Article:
It goes without saying, Donald Trump has ushered in a new era of politics. Chief among these seems to be the notion that fallible human leaders get votes, while career politicians lose by slim margins. And while academics and commentators rush to explain what this means for democracies everywhere, Australian politicians seem to have responded by just calling each other "rich." Or so it seemed in the latest squabble over harbourside mansions.
It started with Shorten calling the Prime Minister "Mr Harbour-side Mansion" a few too many times, at which point he turned on opposition leader Bill Shorten in a fiery speech. "He was a social-climbing sycophant if ever there was one," shouted Turnbull in parliament, delighting his backbenchers. "Harbour-side mansions—he is yearning for one. He is yearning to get into Kirribilli House. Do you know why? Because someone else pays for it. Just like he loved knocking back Dick Pratt's Cristal!"
But Turnbull didn't win that day. Neither did Shorten. Unintentionally, Labor shadow treasurer Chris Bowen walked away victorious. While seated behind Shorten, Bowen was seen turning to deputy leader Tanya Plibersek and asking "What's Cristal?" She looked at him and appeared to answer "it's an expensive champagne."
"Oh," Bowen replied, pulling a classic well there you go expression.
Social media loved it. "Bowen still a true-blue battler!" tweeted the Australian's Caroline Overington. It was the sort of just-like-us coverage most politicians would kill for, and Bowen scored it by accident.
So again, it would seem that a lot of voters want politicians who aren't polished, who talk and act the way the rest of us do. But is that actually something we should want from them?
I would say no. We should not want our politicians to be relatable. These are people tasked with commanding Australia's trillion dollar economy, with deciding which countries we should or shouldn't go to war against, with keeping the wheels of a 7.692 million km2 country from falling off. It's not important they also be able to chat with us about the latest episode of Married at First Sight. In fact, it would be enormously preferable if this was a task they couldn't perform because they spent all their free time feverishly watching the markets open in Europe.
So instead of helping Malcolm and Bill try to connect to the common voter, I decided to go the other way. I was going to help Chris Bowen become less relatable. I set off to Parliament House with a bottle of Cristal under my arm. If I could introduce the shadow treasurer to the finer things in life, maybe I could turn him into the high-brow sort our politicians need to be.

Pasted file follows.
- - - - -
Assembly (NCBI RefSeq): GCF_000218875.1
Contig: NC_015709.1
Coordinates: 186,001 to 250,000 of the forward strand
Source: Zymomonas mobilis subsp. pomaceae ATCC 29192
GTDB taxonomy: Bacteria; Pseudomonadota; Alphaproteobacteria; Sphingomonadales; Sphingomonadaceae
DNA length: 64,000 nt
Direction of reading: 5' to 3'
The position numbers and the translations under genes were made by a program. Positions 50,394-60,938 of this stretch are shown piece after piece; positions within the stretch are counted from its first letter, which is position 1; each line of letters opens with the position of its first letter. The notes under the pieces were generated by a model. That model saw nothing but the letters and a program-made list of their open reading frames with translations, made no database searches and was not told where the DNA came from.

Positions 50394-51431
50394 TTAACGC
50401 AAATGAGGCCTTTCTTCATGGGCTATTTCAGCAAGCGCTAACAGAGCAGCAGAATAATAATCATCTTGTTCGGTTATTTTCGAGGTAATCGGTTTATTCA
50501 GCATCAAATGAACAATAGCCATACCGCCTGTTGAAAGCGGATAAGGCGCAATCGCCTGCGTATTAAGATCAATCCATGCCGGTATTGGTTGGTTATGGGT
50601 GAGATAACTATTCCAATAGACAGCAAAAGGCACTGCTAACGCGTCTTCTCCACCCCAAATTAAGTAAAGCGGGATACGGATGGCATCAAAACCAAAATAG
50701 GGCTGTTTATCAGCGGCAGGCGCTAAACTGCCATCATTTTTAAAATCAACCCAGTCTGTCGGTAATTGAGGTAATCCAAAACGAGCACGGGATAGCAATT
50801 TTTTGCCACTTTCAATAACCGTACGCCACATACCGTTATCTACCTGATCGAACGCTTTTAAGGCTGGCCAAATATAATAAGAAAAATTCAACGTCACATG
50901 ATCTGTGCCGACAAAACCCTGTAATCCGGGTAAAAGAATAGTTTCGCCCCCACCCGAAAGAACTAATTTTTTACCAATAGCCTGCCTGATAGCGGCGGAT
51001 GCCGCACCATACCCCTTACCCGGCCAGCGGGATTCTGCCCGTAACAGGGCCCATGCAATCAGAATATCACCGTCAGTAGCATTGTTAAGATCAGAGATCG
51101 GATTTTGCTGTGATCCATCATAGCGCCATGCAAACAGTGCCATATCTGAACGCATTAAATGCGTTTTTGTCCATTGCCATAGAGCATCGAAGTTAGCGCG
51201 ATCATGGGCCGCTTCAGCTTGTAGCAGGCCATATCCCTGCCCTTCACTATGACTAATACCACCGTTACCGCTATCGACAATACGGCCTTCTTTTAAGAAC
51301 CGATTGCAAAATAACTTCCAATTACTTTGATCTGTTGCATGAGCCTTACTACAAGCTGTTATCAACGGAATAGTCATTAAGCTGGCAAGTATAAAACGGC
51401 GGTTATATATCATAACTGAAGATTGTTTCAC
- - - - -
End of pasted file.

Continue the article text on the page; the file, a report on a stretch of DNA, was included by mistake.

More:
(Okay, so at $300 per bottle I couldn't actually afford any Cristal. But I did pick up some Louis Roederer non-vintage Brut Premier champagne, and since Louis makes Cristal I figure it's close enough. I also brought along a 10-buck bottle of Yellow Glen sparkling plonk for comparison.)
"Did you genuinely not know what Cristal was," I ask Bowen in his office, "or is it like pretending not to know who the Kardashians are?"
"No, I had no idea," Bowen says. "[Turnbull] kept saying it, and at first I thought he was talking about crystal glassware, but he was saying it funny. He said it about three times and eventually I just turned to Tanya, not thinking that the cameras were on me. But it was just one of those little things in that split second when I was asking Tanya they got the back shot of Turnbull."
I ask Bowen what his drink of choice is, and he says either beer or red wine. He sips at the Yellow Glen and considers it. "That's drinkable. That's drinkable." This is all too relatable for my liking. "I was drinking Spumanti when I was kid," Bowen adds, referring to the ultra-cheap fizzy wine favoured by teenagers. "In western Sydney, Spumanti was the bee's knees."
I open the Louis Roederer and ask Bowen about the concept of personality politics. "I think the reason people liked your moment in Parliament so much is that it was a moment of authenticity in amongst a very inauthentic argument about who was the most authentic," I say. "There's been a lot of energy devoted to who's the most out of touch and why, and it's coming from both sides. How do you think people react when they see that?"
"I can understand people's frustration about the state of the debate," Bowen says. "I think it's a legitimate topic when there's issues at stake. So the general issue of who's more in touch—if you're cutting this from the pensioners, and what do you know what a pensioner is going through?—it becomes a legitimate debate."
So the argument isn't that Turnbull is generally out-of-touch for being independently wealthy; it's that he can't identify with the people he's legislating against. I hand Bowen a glass of the Louis Roederer.
"It's a lot bubblier," he says. "It's fine, it's nice, but I'm not sure. What's that bottle worth?"
"That one is $85," I say.
Bowen nods at the Yellow Glen. "And that one's, what, $20 or so?"
"I think that one's $10."
He considers the disparity between the two bottles. "I'm not sure the value's there for the extra. I reckon I'd go the Yellow Glen!"
You can clearly take the boy out of western Sydney, but not the western Sydney out of the boy. Claiming to prefer the $10 bottle of Australian bubbly over the expensive French champagne would definitely qualify any politician as the sort of "man of the people" title they all crave. But speaking as someone who would definitely prefer an overpriced bottle of wanky French champers, I find it difficult to relate.
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Lee Zachariah is journalist, TV writer, and author of Double Dissolution: Heartbreak and Chaos on the Campaign Trail, out now from Echo Publishing. You can also follow him on Twitter.